Müller-Hartmann and Schocker-Von Ditfurth are pointing out the more authentic classroom and the shift of the learner role while using digital tools in the classroom. In connection with the task-based approach these aspects are further considered in chapter 2.3.

This chapter presents the behavioristic and the communicative stages of CALL, as they to a certain extent are still present in modern computer-based language teaching and learning and focusses on the task-based approach and its adaption to the digital classroom.

2.1. Behaviorist Stage of SLA in CALL

The main influences on Behaviorism were the American psychologist John B. Watson and the behaviorist Frederic Skinner. Behaviorists assume that a certain behavior gets achieved through repetition, rewards and punishments (Kiyunja 2014; Warschauer & Healey 1998). Learners are rather passive and learning in the behaviorist theory focusses on the relationship between the environment and the learners' behavior. It “occurs through a process of events [and is] the result of forming connections between stimuli from that environment and related responses” (Skinner 1953 as cited in Kiyunja 2014: 95). Learners learn from repeated practice and a positive feedback (reward) for every right answer and punishment for every wrong answer. This is what Skinner calls ‘conditioning'.

First implemented in the 1950s/60s, the behaviorist approach to SLA set the basis for CALL in the English language classroom. Even though the communicative approach of second language teaching has already been established, teaching methods went through a rethinking and turned back to behaviorist approaches as it was easier to implement them in combination with binary learning systems on the computer (Davies et al. 2013; Warschauer & Healey 1998). “In this phase [...] the computer played the role of the tutor, serving mainly as a vehicle for delivering instructional materials to the learners. Drill-and-practice programs [emphasis added] were a prominent feature” (Warschauer 1996 and Warschauer & Healey 1998 as cited in Davies et al. 2013: 30) that were able to give pupils direct feedback, never got tired or judgmental and enabled students to work individually (Warschauer & Healey 1998). The researcher drew parallels from the computer to ‘Skinner-machines'2 as the features they provided were no different (Bündgens-Kosten & Schildhauer 2020).

The following example taken from Müller-Hartmann & Schocker-Von Ditfurth (2016: 135) indicates behaviorist computer-based language learning:

Computer: Fill in the correct form of the past tense or present perfect tense:

I in London since 1999. (to live)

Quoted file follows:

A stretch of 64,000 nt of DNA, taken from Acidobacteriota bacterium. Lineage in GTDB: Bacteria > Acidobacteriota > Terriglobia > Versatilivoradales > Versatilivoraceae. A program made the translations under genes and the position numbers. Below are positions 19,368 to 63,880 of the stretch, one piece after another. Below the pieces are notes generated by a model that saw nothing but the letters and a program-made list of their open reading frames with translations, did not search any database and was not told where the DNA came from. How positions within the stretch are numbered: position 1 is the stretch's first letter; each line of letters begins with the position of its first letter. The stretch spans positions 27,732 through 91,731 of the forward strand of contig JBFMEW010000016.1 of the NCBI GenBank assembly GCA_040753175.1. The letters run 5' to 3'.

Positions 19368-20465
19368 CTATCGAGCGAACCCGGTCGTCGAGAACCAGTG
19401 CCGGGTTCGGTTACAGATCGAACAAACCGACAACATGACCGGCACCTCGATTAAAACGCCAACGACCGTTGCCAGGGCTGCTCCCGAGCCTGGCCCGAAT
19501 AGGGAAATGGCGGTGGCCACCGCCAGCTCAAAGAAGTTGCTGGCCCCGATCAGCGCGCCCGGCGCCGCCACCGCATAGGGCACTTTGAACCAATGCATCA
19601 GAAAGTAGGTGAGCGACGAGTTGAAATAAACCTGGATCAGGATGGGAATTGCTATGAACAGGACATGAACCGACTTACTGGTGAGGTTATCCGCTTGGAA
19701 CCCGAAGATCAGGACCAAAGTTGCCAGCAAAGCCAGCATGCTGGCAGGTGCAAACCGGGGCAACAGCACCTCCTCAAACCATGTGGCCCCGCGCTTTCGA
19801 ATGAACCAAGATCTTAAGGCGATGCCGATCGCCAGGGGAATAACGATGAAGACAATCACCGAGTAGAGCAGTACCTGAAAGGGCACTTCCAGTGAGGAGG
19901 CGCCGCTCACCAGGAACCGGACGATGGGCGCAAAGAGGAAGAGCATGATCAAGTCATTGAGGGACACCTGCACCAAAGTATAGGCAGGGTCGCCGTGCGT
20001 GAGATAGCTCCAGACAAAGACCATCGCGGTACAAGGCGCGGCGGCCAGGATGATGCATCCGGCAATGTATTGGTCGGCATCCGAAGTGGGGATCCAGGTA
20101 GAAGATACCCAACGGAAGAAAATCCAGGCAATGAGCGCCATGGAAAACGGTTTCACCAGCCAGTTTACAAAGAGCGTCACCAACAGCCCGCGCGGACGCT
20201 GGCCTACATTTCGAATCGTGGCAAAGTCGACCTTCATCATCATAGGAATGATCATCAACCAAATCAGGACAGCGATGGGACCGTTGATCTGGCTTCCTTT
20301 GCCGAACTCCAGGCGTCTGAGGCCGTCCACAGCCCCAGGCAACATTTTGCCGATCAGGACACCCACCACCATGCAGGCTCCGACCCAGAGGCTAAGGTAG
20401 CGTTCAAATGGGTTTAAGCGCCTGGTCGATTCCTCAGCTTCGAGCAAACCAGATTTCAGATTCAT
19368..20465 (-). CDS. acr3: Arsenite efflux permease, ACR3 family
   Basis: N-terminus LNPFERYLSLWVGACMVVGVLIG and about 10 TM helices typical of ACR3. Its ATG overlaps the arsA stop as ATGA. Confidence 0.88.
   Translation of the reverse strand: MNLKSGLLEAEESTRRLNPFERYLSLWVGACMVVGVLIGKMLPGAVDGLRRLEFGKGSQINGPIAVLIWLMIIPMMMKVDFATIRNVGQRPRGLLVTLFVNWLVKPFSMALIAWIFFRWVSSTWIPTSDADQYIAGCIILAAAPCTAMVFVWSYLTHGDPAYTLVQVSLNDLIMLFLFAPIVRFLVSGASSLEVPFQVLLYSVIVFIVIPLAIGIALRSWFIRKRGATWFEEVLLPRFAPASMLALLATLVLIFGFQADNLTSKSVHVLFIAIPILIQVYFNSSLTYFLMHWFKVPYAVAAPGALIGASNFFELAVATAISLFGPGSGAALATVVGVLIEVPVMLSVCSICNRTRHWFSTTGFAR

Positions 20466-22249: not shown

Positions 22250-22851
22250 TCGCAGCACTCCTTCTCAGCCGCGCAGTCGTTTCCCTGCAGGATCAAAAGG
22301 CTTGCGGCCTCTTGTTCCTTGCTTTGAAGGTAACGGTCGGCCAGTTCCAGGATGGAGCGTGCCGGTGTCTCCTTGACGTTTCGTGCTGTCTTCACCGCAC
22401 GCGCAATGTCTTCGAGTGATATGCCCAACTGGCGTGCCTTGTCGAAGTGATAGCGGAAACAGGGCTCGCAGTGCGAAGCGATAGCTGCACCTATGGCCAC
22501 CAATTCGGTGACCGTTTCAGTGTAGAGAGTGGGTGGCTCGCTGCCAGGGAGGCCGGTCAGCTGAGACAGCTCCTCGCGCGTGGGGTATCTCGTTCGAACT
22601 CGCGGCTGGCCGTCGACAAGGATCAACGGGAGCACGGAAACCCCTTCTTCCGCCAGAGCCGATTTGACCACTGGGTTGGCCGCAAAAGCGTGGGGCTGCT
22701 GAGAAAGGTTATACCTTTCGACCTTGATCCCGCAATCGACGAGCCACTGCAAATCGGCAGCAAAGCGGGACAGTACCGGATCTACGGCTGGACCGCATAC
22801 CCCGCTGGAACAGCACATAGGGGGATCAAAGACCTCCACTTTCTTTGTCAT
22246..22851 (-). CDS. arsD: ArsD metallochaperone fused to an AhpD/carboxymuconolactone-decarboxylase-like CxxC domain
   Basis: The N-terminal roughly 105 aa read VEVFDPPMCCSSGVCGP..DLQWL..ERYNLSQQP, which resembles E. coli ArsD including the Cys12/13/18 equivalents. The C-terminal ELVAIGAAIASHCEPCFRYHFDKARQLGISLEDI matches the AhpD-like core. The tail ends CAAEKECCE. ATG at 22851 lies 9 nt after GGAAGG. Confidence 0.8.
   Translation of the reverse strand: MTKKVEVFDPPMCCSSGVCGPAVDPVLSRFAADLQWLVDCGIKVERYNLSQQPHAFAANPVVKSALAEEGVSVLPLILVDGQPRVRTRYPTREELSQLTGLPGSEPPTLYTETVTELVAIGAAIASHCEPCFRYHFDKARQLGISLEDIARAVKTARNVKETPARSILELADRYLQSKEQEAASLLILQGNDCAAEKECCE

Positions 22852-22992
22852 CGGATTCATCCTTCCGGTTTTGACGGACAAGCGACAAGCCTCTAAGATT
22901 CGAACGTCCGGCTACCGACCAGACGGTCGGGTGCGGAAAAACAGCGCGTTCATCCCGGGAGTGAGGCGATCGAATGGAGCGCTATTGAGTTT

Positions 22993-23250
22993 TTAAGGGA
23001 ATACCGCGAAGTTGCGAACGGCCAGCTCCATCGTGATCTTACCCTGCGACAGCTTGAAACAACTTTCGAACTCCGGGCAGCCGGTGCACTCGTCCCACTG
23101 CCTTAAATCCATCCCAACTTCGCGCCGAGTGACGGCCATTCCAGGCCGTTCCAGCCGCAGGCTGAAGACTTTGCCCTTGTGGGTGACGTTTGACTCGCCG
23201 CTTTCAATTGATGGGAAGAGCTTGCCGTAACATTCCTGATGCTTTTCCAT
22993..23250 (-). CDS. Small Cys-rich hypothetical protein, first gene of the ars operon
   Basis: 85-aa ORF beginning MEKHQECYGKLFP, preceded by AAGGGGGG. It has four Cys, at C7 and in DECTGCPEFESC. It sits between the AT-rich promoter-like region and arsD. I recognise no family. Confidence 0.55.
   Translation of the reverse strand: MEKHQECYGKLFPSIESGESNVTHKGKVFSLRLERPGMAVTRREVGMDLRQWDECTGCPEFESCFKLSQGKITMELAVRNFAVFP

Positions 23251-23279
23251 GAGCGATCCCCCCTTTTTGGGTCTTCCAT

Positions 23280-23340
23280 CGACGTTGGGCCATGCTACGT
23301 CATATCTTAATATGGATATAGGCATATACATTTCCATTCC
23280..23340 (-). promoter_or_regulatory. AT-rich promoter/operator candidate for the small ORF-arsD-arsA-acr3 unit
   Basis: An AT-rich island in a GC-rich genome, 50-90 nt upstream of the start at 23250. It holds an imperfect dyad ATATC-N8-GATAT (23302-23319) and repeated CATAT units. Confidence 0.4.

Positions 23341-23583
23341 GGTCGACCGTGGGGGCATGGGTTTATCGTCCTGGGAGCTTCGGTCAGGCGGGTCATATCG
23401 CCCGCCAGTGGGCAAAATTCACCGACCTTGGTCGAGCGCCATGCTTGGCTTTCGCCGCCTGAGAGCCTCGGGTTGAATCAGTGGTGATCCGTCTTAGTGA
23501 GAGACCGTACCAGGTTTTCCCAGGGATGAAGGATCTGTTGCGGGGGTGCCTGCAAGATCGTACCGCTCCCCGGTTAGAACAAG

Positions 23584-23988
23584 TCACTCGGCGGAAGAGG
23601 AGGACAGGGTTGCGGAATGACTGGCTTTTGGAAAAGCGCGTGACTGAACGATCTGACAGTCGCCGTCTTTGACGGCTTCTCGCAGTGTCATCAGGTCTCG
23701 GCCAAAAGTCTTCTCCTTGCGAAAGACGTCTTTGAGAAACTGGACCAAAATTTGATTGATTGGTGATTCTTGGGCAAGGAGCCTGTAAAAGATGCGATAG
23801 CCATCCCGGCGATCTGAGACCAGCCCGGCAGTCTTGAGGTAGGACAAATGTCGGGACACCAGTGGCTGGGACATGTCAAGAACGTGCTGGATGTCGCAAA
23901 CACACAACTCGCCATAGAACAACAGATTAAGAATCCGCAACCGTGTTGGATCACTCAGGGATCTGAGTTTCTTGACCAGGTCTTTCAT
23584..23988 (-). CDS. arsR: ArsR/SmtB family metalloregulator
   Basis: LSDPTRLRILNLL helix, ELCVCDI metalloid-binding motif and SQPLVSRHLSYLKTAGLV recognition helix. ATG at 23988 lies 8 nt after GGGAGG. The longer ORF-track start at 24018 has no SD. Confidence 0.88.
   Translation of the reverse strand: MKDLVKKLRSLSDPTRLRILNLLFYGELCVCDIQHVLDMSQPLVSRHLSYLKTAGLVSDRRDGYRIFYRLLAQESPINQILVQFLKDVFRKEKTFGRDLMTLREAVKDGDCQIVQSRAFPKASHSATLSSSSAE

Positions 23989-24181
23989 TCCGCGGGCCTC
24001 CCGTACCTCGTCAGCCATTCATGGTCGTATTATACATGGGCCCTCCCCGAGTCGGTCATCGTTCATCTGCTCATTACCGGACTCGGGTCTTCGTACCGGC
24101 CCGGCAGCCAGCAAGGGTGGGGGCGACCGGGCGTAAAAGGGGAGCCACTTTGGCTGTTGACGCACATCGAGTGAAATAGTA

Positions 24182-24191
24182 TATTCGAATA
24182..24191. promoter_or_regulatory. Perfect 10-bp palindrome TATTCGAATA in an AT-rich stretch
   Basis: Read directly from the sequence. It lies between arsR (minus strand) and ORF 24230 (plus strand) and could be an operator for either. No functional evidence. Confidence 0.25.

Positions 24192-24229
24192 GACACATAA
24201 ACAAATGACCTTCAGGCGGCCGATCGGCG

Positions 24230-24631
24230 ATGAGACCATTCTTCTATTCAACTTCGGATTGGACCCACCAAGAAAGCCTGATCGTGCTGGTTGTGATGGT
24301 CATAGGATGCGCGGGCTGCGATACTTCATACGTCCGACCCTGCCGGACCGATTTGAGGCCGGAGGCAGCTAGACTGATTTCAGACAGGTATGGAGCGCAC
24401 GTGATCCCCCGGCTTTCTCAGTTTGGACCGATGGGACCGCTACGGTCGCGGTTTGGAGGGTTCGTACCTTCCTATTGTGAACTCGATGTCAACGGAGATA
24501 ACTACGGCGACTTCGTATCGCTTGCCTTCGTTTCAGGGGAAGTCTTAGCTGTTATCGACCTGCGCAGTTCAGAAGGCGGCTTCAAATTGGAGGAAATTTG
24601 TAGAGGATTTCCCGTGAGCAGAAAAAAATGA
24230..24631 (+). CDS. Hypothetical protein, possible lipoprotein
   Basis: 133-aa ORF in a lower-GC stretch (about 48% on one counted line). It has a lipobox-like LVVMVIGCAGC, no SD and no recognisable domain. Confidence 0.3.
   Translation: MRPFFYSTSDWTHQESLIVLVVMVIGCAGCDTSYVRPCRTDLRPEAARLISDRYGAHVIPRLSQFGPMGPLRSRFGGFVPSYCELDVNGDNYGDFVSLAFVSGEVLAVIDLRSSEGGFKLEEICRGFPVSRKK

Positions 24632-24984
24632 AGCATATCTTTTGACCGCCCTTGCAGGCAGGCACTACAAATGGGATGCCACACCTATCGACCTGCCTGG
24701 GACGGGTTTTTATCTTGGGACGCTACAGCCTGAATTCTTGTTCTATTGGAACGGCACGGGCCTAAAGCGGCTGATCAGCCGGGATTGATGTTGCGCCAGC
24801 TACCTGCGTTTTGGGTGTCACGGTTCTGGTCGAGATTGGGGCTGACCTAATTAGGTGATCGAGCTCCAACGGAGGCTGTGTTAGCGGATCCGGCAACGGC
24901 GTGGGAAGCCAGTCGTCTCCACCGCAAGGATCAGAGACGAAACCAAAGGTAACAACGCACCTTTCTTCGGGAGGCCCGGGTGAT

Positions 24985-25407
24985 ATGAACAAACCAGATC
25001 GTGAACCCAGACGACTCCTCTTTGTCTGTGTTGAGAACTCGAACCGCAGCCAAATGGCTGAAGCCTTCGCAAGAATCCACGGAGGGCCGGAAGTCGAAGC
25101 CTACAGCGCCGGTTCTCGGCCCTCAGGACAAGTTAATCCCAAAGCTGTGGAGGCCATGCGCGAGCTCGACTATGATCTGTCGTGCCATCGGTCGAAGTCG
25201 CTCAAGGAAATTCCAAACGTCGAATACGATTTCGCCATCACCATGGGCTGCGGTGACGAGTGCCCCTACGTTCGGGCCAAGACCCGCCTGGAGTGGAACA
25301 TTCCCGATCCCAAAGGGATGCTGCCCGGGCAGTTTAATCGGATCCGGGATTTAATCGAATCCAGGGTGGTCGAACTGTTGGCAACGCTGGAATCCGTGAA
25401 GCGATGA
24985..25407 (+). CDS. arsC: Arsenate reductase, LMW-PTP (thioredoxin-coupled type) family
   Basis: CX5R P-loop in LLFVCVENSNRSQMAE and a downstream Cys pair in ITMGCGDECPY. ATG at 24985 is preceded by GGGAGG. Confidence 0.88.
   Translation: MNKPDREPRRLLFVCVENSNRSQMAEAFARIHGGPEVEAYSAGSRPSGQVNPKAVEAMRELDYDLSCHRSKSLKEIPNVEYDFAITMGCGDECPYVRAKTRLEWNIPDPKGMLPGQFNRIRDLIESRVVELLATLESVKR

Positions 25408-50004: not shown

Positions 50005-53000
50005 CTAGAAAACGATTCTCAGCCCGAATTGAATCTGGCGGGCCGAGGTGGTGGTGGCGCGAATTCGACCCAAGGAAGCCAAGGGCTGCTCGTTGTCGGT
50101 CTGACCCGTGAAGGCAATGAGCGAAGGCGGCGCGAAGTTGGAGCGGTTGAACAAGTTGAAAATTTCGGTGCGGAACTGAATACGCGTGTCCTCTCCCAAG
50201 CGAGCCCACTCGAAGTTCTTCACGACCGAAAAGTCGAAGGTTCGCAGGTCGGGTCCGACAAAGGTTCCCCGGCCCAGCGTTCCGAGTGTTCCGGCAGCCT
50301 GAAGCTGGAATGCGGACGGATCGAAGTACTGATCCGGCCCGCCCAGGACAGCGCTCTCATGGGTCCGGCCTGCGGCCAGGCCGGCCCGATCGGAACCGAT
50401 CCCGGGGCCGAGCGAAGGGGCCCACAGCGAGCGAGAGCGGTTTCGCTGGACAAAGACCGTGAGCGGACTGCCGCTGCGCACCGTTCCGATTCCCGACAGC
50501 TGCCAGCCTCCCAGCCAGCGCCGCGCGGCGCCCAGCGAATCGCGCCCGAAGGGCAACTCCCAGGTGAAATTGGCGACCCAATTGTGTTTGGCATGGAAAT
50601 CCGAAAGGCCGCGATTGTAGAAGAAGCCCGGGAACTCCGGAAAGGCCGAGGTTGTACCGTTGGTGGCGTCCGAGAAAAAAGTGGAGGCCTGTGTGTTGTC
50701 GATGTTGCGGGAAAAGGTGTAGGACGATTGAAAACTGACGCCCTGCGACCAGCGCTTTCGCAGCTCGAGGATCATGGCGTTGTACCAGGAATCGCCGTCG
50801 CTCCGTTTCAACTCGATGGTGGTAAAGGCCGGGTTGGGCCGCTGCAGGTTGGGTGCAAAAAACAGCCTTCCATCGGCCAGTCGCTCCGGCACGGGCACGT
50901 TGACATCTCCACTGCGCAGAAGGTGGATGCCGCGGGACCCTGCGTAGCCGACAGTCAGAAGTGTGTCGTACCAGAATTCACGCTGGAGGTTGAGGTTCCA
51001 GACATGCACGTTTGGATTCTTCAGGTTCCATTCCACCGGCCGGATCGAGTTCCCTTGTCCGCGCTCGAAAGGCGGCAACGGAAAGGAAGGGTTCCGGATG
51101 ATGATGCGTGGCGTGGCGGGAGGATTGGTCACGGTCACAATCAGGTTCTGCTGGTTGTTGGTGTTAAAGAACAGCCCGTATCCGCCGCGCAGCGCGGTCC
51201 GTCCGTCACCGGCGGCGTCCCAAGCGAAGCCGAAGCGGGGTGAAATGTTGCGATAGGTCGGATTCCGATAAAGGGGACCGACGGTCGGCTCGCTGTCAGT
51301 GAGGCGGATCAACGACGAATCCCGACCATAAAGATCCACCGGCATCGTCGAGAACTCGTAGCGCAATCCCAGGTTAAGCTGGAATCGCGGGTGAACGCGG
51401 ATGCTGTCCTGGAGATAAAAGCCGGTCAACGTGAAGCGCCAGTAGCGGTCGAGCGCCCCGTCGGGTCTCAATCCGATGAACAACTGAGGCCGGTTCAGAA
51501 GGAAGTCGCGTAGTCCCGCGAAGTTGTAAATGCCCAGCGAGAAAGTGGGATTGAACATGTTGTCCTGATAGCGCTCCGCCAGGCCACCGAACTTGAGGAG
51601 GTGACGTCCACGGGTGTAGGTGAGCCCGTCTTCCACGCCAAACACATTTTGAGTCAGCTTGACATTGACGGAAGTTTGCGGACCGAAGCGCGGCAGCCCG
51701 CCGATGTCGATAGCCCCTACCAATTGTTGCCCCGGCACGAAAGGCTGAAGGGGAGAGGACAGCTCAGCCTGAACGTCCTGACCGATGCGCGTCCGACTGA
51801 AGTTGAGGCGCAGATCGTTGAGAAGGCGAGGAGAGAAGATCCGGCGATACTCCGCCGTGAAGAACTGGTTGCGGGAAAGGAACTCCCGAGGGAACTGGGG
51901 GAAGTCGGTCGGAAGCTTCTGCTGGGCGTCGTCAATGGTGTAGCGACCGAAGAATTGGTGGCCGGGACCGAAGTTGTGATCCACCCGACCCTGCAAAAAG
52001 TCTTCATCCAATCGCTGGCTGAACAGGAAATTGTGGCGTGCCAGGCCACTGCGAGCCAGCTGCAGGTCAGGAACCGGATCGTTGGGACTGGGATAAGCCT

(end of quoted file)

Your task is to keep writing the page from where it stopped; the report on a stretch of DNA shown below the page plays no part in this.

Learner: I lived in London since 1999.

Computer: Wrong. [emphasis in original]

CALL programs with the use of drill-and-practice (or drill-and-kill) tools were an innovation regarding the implementation of digital media to the language classroom but had, and still have, their limitations. Because of their lack of complexity these programs are not able to analyse the learners' mistakes, hence no detailed feedback can be given (as can be seen in the example above) - therefore the individual errors as such cannot be identified with regard to further explanations or suggestions for exercises that train a certain part of grammar learning in that mistakes were made (Müller-Hartmann & Schocker-Von Ditfurth 2016). “The use of language was rather unimaginative, [.] lacked any form of creativity” (Müller-Hartmann & Schocker- Von Ditfurth 2016: 135) and fulfills the purpose of repetition of what has already been introduced (mostly grammar structures), but does not serve a basis for introducing new structures. Computer programs are binary systems that in the past could only classify answers in the categories ‘right' or ‘wrong' and were not able to deviate from it.

In today's ‘analogue' EFL teaching those drill-and-kill exercise3 types still are common but combined with other types they can complement each other well. It is important for students to repetitively practice grammar structures for being able to use them unconsciously if needed. These drill-and-kill exercises have negative connotations, but that is not appropriate as the purpose is to repeat known knowledge and that clearly is what it provides. They should not be the only format of exercises that are being used in class but there is nothing wrong in using them from time to time to refresh prior knowledge.

In today's digital learning software, the behaviorist approach is still present to a great extent but the possibilities regarding feedback and implementation extended, as can be seen in the H5P analysis.

2.2. Communicative Stage of SLA in CALL

The communicative stage of CALL (as named in Davies et al. 2013; Müller-Hartmann & Schocker-von Dittfuhrt 2010; Warschauer & Healey 1998) builds on the constructivist theory of SLA by Piaget in the 1920s and was further developed by Bruner and Vygotski in the late 1960s and 70s. It is a form of social constructivism. Whereas the behaviorist theory claims that learning happens through student-teacher interaction, repetition, rewards and that knowledge is transmitted from the teacher to the learners, the constructivist approach beliefs, that knowledge is constructed from the learners' insides themselves.

The focus shifted from the learners' behavior (behaviorist theory) to their prior knowledge and the assumption “[...] that learners gain knowledge and construct meaning from the interaction between their own experiences and ideas” (Piaget 1923 as cited in Kiyunja 2014: 97) through two processes, namely ‘assimilation' and ‘accommodation'4 which then lead to ‘adaption' (Kiyunja 2014). Vygotsky supplemented this theory by the Zone of Proximal Development which can be explained “as the level of competence on a task in which a learner cannot yet master the task working by himself/herself but can complete the task successfully if given appropriate support by a more capable mentor” (Kiyunja 2014:98). The mentor plays an important role in this approach as the learners need another individual that is able to assist or to eliminate uncertainties to successfully complete a task. Learners and the interaction within themselves move into the center of the learning process. By being actively involved in the process of speaking and therefore interacting with the environment, the focus is set on the communicative act rather than on drill-and-kill exercises or grammar rules. Bruner suggests that teachers present examples to the learners and explain them. Afterwards, without telling them the learning objective, new examples get presented and collaboratively through questions and parallels to the earlier presented examples (activate learners' prior knowledge) the teachers and learners try to reach the learning objective together.